Author: tm

bicycle touring, road cycling, swimming, brewing, cooking, climbing, barefooting, tinkering, teaching, slacklining, being
EU Driver's License and money

When Life’s Road Gets New Pavement Pt. 2

In my last post about ADHD, I talked about my history, the diagnosis process, and the treatment that I decided to pursue. Since that post, I have started listening to the ADHD Rewired podcast by Eric Tivers. The first episode could summarize my last post in its entirety. Give it a go if you choose (it’s only 34 min. long).

This post will tackle more tricky subjects than the last; I still wrestle with some of them every day. It’s also taken longer to write partly because of the holidays, but also because the things I’m talking about are more personal than the last and I was struggling with how much to share in public. I hope to be more candid in the future to help others on their journeys, but right now, this is my comfort level.

Thanks for your patience!

If you haven’t read the first post yet, check it out!

Learning How to Drive Again

Driving down the road
Photo by Calu Ci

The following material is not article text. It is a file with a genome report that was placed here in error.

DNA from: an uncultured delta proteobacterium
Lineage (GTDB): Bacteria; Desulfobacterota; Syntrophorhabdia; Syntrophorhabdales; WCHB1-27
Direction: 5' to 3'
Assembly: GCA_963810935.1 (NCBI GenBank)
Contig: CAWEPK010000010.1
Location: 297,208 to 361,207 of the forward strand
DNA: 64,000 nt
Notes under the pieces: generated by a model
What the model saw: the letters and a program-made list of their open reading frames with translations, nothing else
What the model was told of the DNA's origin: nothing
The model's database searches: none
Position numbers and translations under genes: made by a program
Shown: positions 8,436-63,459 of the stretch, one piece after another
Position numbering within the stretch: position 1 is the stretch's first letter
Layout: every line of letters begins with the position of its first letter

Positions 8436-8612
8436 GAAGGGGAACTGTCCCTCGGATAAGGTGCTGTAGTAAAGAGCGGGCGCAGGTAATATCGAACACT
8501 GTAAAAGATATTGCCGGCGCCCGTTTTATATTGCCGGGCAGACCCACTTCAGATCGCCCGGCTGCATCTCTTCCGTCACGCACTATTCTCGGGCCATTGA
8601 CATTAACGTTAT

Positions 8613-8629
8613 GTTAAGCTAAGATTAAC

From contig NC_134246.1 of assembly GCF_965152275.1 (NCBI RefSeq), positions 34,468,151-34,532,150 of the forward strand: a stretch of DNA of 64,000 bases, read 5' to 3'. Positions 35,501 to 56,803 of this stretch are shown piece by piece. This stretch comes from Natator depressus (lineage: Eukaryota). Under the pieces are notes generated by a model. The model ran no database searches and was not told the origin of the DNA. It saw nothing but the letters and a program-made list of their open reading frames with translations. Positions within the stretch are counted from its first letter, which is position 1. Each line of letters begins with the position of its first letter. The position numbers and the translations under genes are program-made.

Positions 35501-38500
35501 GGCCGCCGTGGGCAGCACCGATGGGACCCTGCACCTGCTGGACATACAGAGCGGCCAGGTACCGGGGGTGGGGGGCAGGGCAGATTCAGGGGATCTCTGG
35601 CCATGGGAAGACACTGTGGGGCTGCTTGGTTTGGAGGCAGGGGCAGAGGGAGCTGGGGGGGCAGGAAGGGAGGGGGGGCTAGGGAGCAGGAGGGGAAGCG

Let’s get the hardest section out of the way first. I want to talk about how I saw myself pre-diagnosis and how that’s changed since. I haven’t changed who I am, what I believe in, or what I like to do. I have changed/am changing the way I perceive many aspects of my actions and am learning how to handle feelings and thoughts that before treatment would have resulted in a depression-like state.

Read More “When Life’s Road Gets New Pavement Pt. 2”

Road construction signs in a busy city.

When Life’s Road Gets New Pavement Pt. 1

I recently discovered via a diagnosis that I have ADHD–C. That stands for Attention Deficit, Hyperactivity Disorder–Combined type.  A subtype of ADHD characterized by inattentive and hyperactive/impulsive symptoms. 

Best I can tell, this whole journey started in my childhood—all ADHD patients have ADHD from childhood. It does not develop over time; it’s genetic.

When I was younger, I would have to force myself to sit down and focus on one thing. While that doesn’t sound too out of the ordinary for most kids, for me, it was a huge struggle that involved physical discomfort and sometimes manifestations of physical pain.

I was always daydreaming. Tasks would take me longer to complete than others, but not so long that people would notice. I could finish tests super-fast. I could focus on something for hours on end only if I found it super interesting. These “abilities” would suck my attention away from other things like homework.